But, while these ambitious AI approaches met with disappointment, a more applied, focused use of AI techniques was making progress, such as the use of natural language processing with limited vocabularies in voice response systems and the development of industrial robots for manufacturing applications. The biggest breakthrough in these engineering-oriented, AI-ish applications occurred when we switched paradigms. Instead of trying to program computers to act intelligently, - an approach that had not worked so well in the past, - we embraced a statistical, brute force approach based on analyzing vast amounts of information using powerful computers and sophisticated algorithms.
We discovered that such a statistical, information-based approach produced something akin to intelligence or knowledge. Moreover, unlike the earlier programming-based projects, the statistical approaches scaled very nicely. The more information you had, the more powerful the supercomputers, the more sophisticated the algorithms, the better the results. Deep Blue, IBM’s chess playing supercomputer, demonstrated the power of such a statistical, brute force approach by beating then reigning chess champion Gary Kasparov in a celebrated match in May, 1997.
Since that time, analyzing or searching large amounts of information has become increasingly important and commonplace in a wide variety of disciplines. Today, most of us use search engines as the primary mechanism for finding information in the World Wide Web. It is amazing how useful these mostly key-word based approaches have proven to be in everyday use. And, beyond these word-oriented search engines, statistical, information-based systems are being extended in a number of directions.
In February, 2011, Watson, IBM’s question-answering system won the Jeopardy! Challenge against the two best human Jeopardy! players. Watson demonstrated that computers could now extract meaning from the unstructured knowledge developed by humans in books, articles, newspapers, web sites, social media, and anything written in natural language. Watson dealt with the information much as a human would, analyzing multiple options at the same time, considering the probability that each option was the answer to the problem it was dealing with, and then selecting the option with the highest probability of being right.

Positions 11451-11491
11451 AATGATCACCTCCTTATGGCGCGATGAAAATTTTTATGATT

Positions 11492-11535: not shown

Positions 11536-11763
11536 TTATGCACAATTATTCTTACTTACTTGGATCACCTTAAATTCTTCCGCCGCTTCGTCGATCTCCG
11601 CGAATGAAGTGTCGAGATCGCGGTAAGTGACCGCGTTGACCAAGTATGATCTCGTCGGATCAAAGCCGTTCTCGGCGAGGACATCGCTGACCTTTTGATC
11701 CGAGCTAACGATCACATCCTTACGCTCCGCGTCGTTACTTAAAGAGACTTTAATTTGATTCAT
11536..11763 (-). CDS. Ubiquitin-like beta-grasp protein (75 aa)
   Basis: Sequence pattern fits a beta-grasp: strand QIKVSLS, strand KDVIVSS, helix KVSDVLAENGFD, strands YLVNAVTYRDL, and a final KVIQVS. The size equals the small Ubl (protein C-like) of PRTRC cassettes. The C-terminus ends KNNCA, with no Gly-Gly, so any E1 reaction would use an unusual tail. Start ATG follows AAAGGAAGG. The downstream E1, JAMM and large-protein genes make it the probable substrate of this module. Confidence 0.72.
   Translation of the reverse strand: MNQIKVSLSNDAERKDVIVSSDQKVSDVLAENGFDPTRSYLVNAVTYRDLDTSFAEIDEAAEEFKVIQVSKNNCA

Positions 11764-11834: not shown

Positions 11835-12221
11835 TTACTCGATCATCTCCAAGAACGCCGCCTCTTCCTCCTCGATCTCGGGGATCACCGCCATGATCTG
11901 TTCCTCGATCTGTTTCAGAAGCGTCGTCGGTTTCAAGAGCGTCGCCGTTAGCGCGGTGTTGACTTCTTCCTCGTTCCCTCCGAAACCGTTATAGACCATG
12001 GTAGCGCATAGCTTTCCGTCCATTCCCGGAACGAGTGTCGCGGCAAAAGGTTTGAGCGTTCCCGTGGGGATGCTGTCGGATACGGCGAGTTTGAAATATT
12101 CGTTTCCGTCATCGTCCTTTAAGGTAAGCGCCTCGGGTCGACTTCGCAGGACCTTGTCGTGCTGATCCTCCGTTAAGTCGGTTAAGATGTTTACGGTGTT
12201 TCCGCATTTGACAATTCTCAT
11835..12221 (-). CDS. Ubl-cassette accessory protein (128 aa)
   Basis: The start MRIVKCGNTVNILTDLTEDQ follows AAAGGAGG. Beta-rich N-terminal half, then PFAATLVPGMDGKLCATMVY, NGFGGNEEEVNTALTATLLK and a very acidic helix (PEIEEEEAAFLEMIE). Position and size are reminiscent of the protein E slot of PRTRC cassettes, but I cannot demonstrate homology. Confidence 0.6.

This is pretty much how a human experts would make decisions in endeavors like medical diagnoses, financial advice, customer service or strategy formulation. The human experts will typically consider a few of the most likely options based on the knowledge they have and make a decision. They will generally be right most of the times, but may have trouble when faced with a new or infrequently occurring problem beyond the scope of the most likely options. Also, we all have biases based on our personal experiences that make it hard to consider options beyond the scope of our intuition.
A cognitive system, on the other hand, can analyze many thousands of options at the same time, including the large number of infrequently occurring ones as well as ones that the expert has never seen before. It evaluates the probability of each option being the answer to the problem, and then comes up with the most likely options, that is, those with the highest probabilities. Moreover, the cognitive system has access to huge amounts of information of all kinds, both structured and unstructured, including not only books and documents, but also speech, pictures, videos and so on. These cognitive systems are truly beginning to augment our human cognitive capabilities much as earlier machines have augmented our physical ones.
“Cognitive systems will extract insights from data sources from which we acquire almost no insight today, such as population-wide health care records, or from new sources of information, such as sensors monitoring pollution in delicate marine environments,” write Kelly and Hamm. “Such systems will still sometimes be programmed by people using if A, then B logic, but programmers won’t have to anticipate every procedure and every rule that will be required. Instead, computers will be equipped with interpretive capabilities that will make it possible for them to learn from the data and evolve over time as they gain new knowledge or as the demands on them change.”
“The goal isn’t to replicate human brains, though. This isn’t about replacing human thinking with machine thinking. Rather, in the era of cognitive systems, humans and machines will collaborate to produce better results - each bringing their own superior skills to the partnership. The machines will be more rational and analytic - and, of course, possess encyclopedic memories and tremendous computational abilities. People will provide judgment, intuition, empathy, a moral compass and human creativity.”
In the end, this is today’s version of the quest that drove our ancestors to start developing stone tools a few million years ago, and that inspired the inventors of the many machines developed over the past few hundred years. We just want our smart machines to make us smarter.